| Egyptian Journal of Archeological and Restoration Studies

EJARS (Established 2011)

Attention (Memorial Issue)!

EJARS will publish a special memorial issue for the late Prof. Mohamed Abdelhady, Professor of restoration for his praiseworthy efforts at developing the school of restoration in the Arab World, with Issue managers (Shaaban Abd El-Aal -- Smm00@fayoum.edu.eg), (Mohamed Abdel Wadood Abdel Azim -- Maa02@fayoum.edu.eg), (Walid Ali Mohammed Mahmoud -- walid.ali@fayoum.edu.eg) and (Hamada Sadek -- Hsr00@fayoum.edu.eg).

Volume 12 ,issue 1 | Winter and Spring 2022 | Pages : 41-52


Document Type: Original Article

DOI: 10.21608/ejars.2022.246575

pages: 41-52

Eldeeb, H.(*), Ali, M., Mansour, M.,Ali, M.
Conservation dept., Faculty of Archaeology, Cairo Univ., Giza, Egypt.

Albumen prints are the most important photographic prints of the late 19th century. It is basically composed of two layers: the first layer is the paper support (i.e. cellulose), and the second layer is the image layer (i.e. image silver particles embedded in an albumen binder layer). There are several factors threatening the permanence of albumen prints (e.g., fluctuating temperatures and relative humidity, frequent han-dling, air pollution, light, and improper storage and display). Unlike other paper objects, photographs have special cons-ervation requirements due to their complex and unique nature. A private collection was selected for this study. The collection consists of three albumen prints from Francis Amen’s photo collection, which originally belonged to the Elhagar family. Francis Amin is a well-known photo collector in Egypt. The prints date back to 1890. The photographs were characterised and studied by visual inspection, digital microscopy, Fourier transform infrared spectroscopy (FTIR), scanning electron microscopy (SEM), and energy dispersive X-ray spectroscopy (EDX). Microbiological studies were carried out in the mic-robiology laboratory at the Faculty of Archaeology at Cairo University. Results revealed that the albumen layer suffers from cracks and chemical degradation, and the secondary supports suffer from both oxidation and hydrolysis. Based on the obtained results, the following conservation procedures were selected and carried out: disinfection, dry cleaning, tear mending and compensating for losses, remounting, reto-uching, and rehousing.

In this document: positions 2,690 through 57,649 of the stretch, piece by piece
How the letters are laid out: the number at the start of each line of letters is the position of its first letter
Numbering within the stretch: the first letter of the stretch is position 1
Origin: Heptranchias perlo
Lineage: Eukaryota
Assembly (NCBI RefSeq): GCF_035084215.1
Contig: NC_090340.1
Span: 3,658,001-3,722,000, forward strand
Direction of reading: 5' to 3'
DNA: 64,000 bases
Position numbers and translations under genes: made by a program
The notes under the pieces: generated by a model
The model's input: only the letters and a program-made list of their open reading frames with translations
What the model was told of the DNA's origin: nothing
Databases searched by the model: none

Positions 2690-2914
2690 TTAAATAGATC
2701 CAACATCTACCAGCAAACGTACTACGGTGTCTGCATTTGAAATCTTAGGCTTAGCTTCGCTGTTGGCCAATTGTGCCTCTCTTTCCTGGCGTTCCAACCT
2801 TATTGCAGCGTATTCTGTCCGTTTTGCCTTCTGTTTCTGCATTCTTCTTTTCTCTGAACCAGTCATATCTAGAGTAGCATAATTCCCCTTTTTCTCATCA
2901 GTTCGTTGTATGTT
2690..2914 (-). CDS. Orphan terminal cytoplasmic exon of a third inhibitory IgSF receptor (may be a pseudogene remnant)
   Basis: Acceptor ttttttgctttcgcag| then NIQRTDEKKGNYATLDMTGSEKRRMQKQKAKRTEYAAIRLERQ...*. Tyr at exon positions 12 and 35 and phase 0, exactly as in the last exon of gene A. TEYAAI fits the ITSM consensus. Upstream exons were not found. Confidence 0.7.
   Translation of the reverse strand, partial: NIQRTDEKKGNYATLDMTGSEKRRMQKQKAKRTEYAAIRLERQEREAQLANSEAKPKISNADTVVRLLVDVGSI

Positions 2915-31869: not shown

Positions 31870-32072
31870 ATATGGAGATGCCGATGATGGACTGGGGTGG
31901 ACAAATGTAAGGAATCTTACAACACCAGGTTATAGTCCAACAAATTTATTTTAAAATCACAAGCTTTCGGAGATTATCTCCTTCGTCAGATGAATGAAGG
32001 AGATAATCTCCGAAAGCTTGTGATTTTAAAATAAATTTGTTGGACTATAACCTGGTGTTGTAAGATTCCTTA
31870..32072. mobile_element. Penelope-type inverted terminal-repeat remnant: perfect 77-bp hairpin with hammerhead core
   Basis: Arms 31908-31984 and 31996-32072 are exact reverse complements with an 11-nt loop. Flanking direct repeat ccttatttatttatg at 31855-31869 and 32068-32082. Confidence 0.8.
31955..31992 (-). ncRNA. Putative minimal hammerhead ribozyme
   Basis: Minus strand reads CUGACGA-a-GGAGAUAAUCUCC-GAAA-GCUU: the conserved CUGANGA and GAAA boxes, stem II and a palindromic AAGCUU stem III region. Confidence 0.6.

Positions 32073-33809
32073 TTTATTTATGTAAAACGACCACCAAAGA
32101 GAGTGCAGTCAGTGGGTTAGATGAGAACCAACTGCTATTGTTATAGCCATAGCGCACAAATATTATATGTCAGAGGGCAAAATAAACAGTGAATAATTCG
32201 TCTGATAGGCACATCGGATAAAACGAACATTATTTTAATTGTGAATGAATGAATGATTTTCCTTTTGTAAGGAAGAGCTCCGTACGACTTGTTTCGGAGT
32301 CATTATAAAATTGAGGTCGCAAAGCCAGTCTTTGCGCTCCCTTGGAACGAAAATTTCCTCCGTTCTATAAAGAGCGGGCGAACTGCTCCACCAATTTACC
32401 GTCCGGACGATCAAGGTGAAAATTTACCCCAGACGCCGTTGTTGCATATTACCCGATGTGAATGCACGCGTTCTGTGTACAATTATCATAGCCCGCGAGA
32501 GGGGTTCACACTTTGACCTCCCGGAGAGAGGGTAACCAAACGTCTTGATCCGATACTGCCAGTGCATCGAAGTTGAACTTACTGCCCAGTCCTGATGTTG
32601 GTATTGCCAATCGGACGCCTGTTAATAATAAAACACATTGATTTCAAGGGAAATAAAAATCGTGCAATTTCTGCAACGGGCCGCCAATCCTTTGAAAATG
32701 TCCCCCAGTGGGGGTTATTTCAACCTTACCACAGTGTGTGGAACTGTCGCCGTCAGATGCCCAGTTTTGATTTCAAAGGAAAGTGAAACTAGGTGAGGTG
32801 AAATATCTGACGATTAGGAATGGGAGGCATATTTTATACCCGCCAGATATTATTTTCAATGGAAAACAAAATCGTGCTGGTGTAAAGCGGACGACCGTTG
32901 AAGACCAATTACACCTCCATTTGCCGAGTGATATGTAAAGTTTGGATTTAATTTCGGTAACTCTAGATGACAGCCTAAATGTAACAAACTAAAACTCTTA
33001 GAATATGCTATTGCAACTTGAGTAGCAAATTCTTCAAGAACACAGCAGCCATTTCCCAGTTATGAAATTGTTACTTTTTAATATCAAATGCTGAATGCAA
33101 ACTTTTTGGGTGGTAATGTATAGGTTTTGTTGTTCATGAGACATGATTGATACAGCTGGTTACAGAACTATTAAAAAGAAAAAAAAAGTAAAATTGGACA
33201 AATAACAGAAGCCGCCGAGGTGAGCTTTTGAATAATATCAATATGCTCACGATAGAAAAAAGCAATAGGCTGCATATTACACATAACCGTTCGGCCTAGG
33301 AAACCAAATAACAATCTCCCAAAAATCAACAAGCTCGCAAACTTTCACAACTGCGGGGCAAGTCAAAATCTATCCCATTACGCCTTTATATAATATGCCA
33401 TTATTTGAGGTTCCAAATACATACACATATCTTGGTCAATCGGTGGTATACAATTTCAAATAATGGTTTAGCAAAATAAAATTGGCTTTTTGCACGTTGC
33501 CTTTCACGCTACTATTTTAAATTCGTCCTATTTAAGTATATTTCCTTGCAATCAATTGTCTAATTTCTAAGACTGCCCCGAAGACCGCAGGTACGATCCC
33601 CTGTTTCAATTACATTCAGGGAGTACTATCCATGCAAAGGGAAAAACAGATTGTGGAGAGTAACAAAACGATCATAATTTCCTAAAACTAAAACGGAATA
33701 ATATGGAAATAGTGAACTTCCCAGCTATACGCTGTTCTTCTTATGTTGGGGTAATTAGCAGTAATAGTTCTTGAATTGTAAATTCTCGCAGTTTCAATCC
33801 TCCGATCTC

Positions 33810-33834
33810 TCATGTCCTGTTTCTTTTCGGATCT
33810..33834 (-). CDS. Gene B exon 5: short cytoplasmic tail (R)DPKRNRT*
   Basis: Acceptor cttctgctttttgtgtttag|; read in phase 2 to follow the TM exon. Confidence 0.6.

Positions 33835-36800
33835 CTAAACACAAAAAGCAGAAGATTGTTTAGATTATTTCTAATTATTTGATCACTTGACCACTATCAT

Albumen prints Visual inspection FTIR SEM Microbiological studies Conservation

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